Martin Scorsese has a number of promising projects on his plate to follow Hugo Cabret: reps say he’ll next make Silence, and then there is a possible indie version of The Wolf of Wall Street, with other movies on the far horizon. One of those is The Irishman, which has been talked up as a reunion of the director with actors Robert De Niro, Joe Pesci and Al Pacino. Evidently it is still a going concern, as Robert De Niro said over the weekend. Read More »
Briefly: Paramount has been working on a revamp of Tom Clancy‘s Jack Ryan character. Chris Pine is starring, making him the fourth actor in the role after Alec Baldwin, Harrison Ford and Ben Affleck, and Lost‘s Jack Bender is directing.
Hossein Amini wrote a draft, then the studio picked up Adam Cozad‘s spec script Dubai, which the scribe reworked into a Jack Ryan film called Moscow. He and Anthony Peckham have both done additional work after that Moscow draft came together. Now it looks like Steve Zaillian will do a pass on the draft, and hopefully leave it in shooting shape. Read More »
Three years ago the Spanish sci-fi time-travel film TimeCrimes became a hit at Sundance, but by that point the film already had a following. In fact, it was almost exactly three years ago to the day that we heard United Artists would back a remake of the film with Steve Zaillian producing. Sadly, the revived United Artists, tied to MGM, didn’t fare so well.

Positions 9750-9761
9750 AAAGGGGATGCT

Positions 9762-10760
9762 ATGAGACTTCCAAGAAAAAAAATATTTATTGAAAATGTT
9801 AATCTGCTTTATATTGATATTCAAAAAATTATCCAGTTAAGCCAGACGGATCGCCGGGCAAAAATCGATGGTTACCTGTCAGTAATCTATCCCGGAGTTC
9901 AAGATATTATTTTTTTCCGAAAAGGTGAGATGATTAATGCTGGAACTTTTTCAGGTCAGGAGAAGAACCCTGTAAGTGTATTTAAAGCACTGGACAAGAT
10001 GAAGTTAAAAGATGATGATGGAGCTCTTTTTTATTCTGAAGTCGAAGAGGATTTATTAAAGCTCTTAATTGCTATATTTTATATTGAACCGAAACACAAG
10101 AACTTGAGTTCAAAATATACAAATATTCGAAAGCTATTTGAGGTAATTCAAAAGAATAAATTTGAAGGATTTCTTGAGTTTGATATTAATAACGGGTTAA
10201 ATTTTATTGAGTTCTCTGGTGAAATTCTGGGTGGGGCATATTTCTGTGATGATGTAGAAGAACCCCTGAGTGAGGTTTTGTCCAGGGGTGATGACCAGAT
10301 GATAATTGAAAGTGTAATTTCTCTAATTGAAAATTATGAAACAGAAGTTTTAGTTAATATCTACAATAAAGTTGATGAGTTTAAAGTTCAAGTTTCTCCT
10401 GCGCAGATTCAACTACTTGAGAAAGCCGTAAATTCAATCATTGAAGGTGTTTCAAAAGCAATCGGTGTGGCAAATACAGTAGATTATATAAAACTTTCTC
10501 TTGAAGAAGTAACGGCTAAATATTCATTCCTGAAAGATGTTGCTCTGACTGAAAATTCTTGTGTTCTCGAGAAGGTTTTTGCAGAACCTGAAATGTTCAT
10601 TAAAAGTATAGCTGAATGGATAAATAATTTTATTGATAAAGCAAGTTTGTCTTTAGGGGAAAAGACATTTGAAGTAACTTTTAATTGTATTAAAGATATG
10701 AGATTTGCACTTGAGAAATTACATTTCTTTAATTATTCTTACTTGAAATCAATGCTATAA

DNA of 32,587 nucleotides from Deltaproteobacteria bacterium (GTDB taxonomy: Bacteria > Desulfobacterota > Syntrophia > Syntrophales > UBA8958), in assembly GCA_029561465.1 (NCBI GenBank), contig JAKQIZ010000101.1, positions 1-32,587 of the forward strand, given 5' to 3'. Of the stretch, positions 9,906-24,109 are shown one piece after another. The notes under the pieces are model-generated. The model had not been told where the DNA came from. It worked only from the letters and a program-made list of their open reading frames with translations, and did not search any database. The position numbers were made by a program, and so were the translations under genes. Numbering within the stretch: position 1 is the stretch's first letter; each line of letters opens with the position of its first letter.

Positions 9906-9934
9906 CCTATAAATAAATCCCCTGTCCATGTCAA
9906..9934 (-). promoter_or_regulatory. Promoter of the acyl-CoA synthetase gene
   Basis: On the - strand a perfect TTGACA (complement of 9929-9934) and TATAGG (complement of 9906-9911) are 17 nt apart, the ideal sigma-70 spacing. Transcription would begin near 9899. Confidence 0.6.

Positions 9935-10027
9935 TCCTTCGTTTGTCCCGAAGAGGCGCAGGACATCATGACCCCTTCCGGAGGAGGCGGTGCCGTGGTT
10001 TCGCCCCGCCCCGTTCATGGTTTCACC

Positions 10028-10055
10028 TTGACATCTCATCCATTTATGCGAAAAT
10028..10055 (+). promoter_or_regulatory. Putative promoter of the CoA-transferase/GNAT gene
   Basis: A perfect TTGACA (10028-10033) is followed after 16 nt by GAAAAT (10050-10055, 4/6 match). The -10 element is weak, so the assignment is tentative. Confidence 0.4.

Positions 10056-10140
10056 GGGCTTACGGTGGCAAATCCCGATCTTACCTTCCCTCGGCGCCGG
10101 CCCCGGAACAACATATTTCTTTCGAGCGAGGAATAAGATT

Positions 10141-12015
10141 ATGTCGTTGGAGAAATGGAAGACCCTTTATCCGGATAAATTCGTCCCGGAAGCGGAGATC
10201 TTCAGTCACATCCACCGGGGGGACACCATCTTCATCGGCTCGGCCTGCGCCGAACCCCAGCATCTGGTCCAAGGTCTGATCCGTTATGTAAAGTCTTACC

But the TimeCrimes remake didn’t die, and it hasn’t left Mr. Zaillian’s hands. Now the film has migrated to DreamWorks, for which the writer/producer will rewrite the script before the project movies forward. Read More »
Here’s good news and bad news. The good news is that, yes, confirming recent reports, Al Pacino and Joe Pesci are still planning to be part of Martin Scorsese‘s film The Irishman, which is planned to star Robert De Niro as Mafia hitman Frank ‘The Irishman’ Sheeran. The bad news is that in talking about the future of the film, Robert De Niro cast doubt on the idea that it will be paired with a much more ambitious second film that has been described in terms related to Fellini’s 8 1/2.
More details and some quotes from the actor, after the break. Read More »
Martin Scorsese is still in production on Hugo Cabret — which is reportedly moving slowly because of the director’s learning curve with shooting in 3D — but he says that The Irishman could shoot next year.
That’s the script formerly called I Heard You Paint Houses, which concerns famed Mafia hitman Frank ‘The Irishman’ Sheeran, and has Robert De Niro attached to star. Al Pacino and Joe Pesci have been rumored participants as well. More details after the break. Read More »
No one seems to be able to get a movie based on a Jonathan Lethem novel off the ground. The latest attempt may come from David Cronenberg, however, and he’s got a pretty damn good track record when it comes to getting difficult material from the page to screen. (Think Dead Ringers, Crash, and Naked Lunch.) Cronenberg is reportedly attached to direct an adaptation of Lethem’s third novel, 1997’s As She Climbed Across the Table. But he’s got a few other titles on his plate, too, so will this actually get made? Read More »